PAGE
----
Waste and Hazardous Substances
Shimadzu contributes in the field of waste management and recycling as well. In order to recycle waste plastic materials, it is important to sort the materials accurately. Analyzing chemical components in mud, gravel, and other materials is essential for appropriately managing those materials as industrial waste.
Marine microplastics have also become a major environmental problem. Shimadzu contributes to building a recycling-oriented society by developing and supplying relevant analytical and measuring instruments.
Analysis of Incineration Ash from City Waste and Sewage
In Japan, incinerated waste from cities is normally buried as specially managed general waste, whereas buried sewage incineration ash is handled as industrial waste. However, in terms of environmental protection, both must be tested to determine the content of heavy metals. An ICP atomic emission spectrometer can accurately quantitate the levels of lead, cadmium, and other metals present in a wide range of concentrations, from trace to high concentration, whereas an X-ray fluorescence spectrometer (EDX) can be used to manage the concentration levels of the main components in combustion ash, such as calcium, silicon, and aluminum, or provide simple detection/quantitation of hazardous heavy metals such as lead.
Analyzing Low PCB Concentrations in Paint/Coating Debris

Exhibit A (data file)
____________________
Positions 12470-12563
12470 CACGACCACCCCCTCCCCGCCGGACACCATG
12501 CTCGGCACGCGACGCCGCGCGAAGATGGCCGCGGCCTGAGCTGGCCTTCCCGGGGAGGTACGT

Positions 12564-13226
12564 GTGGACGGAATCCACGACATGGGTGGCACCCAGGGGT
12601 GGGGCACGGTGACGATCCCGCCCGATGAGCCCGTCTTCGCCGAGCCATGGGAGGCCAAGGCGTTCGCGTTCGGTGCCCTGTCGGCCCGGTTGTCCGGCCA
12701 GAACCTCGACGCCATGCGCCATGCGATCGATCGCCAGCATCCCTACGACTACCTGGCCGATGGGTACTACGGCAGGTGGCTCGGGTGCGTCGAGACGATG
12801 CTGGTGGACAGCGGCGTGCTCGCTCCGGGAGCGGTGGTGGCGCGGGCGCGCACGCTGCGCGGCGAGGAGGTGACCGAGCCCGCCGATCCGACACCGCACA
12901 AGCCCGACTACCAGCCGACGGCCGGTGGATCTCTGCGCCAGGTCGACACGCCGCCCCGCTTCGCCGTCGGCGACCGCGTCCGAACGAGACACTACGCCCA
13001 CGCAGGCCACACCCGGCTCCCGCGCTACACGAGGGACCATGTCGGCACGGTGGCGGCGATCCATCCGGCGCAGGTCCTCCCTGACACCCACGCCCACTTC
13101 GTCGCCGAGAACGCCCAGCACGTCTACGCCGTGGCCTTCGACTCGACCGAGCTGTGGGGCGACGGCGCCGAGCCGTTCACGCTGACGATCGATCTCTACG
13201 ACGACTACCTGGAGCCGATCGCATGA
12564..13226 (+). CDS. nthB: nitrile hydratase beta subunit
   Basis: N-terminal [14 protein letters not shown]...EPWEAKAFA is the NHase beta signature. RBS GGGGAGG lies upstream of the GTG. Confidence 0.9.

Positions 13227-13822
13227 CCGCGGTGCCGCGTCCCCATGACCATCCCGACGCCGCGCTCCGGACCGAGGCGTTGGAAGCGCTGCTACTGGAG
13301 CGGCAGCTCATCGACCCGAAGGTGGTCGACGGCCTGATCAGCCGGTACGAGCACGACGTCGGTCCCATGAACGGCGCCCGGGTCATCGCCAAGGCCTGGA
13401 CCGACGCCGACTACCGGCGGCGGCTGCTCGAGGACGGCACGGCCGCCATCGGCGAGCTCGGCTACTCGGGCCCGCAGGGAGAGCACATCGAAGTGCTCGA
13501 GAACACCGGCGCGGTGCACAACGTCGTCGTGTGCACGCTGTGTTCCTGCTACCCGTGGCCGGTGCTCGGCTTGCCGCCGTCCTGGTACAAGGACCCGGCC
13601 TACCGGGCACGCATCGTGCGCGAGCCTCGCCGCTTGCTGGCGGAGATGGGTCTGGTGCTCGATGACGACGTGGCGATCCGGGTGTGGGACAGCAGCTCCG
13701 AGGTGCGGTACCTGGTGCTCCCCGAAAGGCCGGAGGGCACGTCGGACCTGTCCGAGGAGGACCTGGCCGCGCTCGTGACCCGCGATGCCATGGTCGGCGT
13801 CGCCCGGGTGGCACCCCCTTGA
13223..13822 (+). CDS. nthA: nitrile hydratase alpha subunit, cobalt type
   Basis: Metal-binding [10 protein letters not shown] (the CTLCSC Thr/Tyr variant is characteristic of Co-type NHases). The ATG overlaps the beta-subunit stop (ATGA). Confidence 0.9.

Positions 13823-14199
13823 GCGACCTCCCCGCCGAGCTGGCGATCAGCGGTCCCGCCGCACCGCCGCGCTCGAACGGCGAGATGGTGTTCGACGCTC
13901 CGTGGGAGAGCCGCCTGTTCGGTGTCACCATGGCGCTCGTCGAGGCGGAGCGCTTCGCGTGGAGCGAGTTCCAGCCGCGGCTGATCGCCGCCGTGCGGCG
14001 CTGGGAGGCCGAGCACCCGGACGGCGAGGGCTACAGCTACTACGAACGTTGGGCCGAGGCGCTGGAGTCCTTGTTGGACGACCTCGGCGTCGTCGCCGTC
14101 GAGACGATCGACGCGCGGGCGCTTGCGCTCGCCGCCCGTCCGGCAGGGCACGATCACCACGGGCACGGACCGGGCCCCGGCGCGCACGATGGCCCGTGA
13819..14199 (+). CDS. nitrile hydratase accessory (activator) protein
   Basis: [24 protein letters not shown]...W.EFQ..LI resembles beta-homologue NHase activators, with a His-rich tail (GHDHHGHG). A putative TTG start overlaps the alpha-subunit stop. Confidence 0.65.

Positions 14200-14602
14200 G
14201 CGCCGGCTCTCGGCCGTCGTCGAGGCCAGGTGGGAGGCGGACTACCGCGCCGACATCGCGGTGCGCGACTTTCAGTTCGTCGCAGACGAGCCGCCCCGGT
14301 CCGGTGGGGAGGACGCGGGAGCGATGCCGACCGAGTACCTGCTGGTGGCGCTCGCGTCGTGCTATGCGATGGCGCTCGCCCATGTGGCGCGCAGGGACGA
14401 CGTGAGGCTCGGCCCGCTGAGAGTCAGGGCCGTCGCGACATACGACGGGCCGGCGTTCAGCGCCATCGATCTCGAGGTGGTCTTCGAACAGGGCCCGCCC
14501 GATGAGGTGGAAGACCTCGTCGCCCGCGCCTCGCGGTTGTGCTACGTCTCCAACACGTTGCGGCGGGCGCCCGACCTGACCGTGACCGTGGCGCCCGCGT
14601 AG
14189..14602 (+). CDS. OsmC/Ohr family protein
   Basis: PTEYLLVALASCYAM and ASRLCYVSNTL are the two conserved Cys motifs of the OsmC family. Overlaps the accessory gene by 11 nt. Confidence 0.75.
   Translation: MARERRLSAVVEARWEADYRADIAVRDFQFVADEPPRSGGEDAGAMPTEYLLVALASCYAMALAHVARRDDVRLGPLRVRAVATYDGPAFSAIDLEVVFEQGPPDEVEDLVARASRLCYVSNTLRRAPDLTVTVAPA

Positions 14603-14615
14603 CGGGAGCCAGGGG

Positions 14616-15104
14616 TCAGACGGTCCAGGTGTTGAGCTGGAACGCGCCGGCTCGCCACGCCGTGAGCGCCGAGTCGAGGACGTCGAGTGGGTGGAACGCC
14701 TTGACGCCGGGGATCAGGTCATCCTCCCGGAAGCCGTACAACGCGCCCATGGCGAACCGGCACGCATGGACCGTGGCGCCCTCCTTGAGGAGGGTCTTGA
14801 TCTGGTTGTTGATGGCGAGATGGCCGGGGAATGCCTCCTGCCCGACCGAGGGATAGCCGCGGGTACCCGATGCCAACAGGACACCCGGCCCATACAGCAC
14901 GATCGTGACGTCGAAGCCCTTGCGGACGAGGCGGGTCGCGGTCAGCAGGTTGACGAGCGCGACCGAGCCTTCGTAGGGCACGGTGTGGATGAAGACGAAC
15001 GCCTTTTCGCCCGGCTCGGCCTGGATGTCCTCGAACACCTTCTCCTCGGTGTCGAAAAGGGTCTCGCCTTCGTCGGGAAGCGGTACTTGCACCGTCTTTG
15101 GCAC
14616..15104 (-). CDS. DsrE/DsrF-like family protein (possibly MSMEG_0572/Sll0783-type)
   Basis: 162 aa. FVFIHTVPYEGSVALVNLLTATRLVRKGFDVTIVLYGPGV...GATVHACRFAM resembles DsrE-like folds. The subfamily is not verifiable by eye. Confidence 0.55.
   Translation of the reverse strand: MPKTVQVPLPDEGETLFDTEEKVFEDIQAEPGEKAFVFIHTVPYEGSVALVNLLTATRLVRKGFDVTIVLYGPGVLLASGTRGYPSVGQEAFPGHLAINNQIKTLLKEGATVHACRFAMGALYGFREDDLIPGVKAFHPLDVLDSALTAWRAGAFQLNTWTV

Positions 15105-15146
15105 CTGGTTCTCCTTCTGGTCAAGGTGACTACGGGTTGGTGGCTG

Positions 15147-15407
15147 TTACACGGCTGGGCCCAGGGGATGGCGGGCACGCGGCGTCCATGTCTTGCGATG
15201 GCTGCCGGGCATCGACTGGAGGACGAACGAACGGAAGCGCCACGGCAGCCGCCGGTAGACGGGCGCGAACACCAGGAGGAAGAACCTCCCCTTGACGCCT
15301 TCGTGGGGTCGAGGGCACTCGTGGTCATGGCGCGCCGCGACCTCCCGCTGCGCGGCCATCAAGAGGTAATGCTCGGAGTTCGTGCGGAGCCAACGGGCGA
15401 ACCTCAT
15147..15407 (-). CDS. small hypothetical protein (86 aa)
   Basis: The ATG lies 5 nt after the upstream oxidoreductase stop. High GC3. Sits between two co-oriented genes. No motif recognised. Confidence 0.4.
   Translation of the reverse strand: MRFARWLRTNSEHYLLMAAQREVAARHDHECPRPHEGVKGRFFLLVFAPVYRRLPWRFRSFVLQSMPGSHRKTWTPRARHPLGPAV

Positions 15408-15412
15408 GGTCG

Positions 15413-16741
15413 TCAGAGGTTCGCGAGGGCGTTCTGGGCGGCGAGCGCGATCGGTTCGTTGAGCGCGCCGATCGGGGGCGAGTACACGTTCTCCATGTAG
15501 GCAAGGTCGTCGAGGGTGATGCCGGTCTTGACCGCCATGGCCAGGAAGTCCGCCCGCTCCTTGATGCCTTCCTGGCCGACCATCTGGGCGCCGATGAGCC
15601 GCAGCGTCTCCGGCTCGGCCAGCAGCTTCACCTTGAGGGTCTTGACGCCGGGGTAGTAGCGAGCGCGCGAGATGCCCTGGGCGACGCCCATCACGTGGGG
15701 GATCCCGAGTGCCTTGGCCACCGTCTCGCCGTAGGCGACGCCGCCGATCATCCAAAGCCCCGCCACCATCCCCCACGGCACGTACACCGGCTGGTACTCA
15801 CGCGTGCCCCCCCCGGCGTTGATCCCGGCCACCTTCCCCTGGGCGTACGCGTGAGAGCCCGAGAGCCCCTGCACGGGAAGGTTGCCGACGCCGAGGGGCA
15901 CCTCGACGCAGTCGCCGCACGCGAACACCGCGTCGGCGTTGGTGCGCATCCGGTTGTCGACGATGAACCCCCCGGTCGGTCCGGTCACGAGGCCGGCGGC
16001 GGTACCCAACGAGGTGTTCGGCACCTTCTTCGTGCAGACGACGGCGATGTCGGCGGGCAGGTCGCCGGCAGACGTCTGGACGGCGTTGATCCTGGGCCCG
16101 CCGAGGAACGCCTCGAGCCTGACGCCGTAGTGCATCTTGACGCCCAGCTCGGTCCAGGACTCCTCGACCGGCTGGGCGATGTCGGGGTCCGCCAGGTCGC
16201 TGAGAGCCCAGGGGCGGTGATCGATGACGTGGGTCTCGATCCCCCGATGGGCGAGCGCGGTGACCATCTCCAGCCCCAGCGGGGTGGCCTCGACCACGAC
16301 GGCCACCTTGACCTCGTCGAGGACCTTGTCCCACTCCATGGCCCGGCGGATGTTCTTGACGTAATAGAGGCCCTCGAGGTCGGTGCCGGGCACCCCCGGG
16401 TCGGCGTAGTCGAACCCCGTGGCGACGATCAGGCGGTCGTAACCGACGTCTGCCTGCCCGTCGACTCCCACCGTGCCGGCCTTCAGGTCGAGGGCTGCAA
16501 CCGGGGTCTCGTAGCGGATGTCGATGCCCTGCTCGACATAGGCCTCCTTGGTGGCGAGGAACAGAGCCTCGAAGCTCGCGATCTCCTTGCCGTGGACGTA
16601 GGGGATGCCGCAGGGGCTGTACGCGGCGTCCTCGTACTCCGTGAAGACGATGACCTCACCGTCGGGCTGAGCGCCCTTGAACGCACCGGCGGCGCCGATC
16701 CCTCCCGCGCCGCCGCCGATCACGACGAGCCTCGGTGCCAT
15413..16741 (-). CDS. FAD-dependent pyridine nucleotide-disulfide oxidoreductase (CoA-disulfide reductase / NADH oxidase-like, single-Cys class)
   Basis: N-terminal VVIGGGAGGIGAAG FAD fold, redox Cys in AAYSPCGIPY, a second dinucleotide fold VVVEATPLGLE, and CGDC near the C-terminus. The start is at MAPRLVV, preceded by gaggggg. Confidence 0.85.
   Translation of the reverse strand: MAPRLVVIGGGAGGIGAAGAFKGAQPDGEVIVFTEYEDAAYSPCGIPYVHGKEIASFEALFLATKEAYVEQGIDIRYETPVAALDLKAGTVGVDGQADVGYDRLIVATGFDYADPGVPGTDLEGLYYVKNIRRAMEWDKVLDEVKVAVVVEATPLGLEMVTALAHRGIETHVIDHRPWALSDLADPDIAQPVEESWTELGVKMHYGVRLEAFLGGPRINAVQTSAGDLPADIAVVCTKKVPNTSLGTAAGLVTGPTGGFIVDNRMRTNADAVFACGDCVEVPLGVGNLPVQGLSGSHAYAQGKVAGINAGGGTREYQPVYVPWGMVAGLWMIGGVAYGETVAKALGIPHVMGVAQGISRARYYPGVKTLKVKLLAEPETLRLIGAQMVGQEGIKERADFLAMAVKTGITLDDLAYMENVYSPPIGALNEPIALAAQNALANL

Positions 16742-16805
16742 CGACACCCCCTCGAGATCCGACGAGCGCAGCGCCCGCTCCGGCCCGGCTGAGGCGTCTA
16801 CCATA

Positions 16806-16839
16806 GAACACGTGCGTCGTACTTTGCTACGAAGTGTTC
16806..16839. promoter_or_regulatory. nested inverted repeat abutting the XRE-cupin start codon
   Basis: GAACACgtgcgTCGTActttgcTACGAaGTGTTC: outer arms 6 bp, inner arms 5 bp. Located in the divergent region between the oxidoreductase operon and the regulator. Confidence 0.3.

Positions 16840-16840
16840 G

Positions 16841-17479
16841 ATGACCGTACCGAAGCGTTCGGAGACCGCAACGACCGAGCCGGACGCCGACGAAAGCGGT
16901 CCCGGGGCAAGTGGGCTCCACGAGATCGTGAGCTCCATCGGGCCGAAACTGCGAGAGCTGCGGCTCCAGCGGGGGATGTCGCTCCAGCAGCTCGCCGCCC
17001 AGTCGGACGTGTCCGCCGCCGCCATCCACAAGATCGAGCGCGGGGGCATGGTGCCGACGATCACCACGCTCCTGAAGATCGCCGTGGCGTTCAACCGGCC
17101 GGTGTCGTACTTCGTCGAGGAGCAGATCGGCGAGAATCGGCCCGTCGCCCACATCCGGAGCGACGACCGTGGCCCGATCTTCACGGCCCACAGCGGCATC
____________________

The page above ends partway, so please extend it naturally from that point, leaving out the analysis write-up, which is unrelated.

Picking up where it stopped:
Polychlorinated biphenyls (PCBs) are used as a plasticizer in some coatings. Such coatings are used to paint structural members in bridges, for example. Consequently, paint debris generated during maintenance is treated as PCB waste material. GC-MS is specified as the method for analyzing the PCB content in paint debris.
While GC-MS measurements are easily affected by contaminant components, especially for PCBs with a low number of chlorines, GC-MS/MS measurements can avoid such effects and enable analysis with high sensitivity and high separation.
Analyzing Marine Debris and Microplastics
Small plastic particles with diameters ranging from a few micrometers up to about 5 mm are referred to as microplastics. In recent years, there has been concern that such microplastics are detrimental to oceans and ecosystems. Not only the microplastic material itself, but also the additives contained in the plastic and the harmful substances that attach to the microplastics from the surrounding environment have been identified as potential causes of latent harm to humans by entering the food chain. That requires multifaceted analytical and measuring technologies.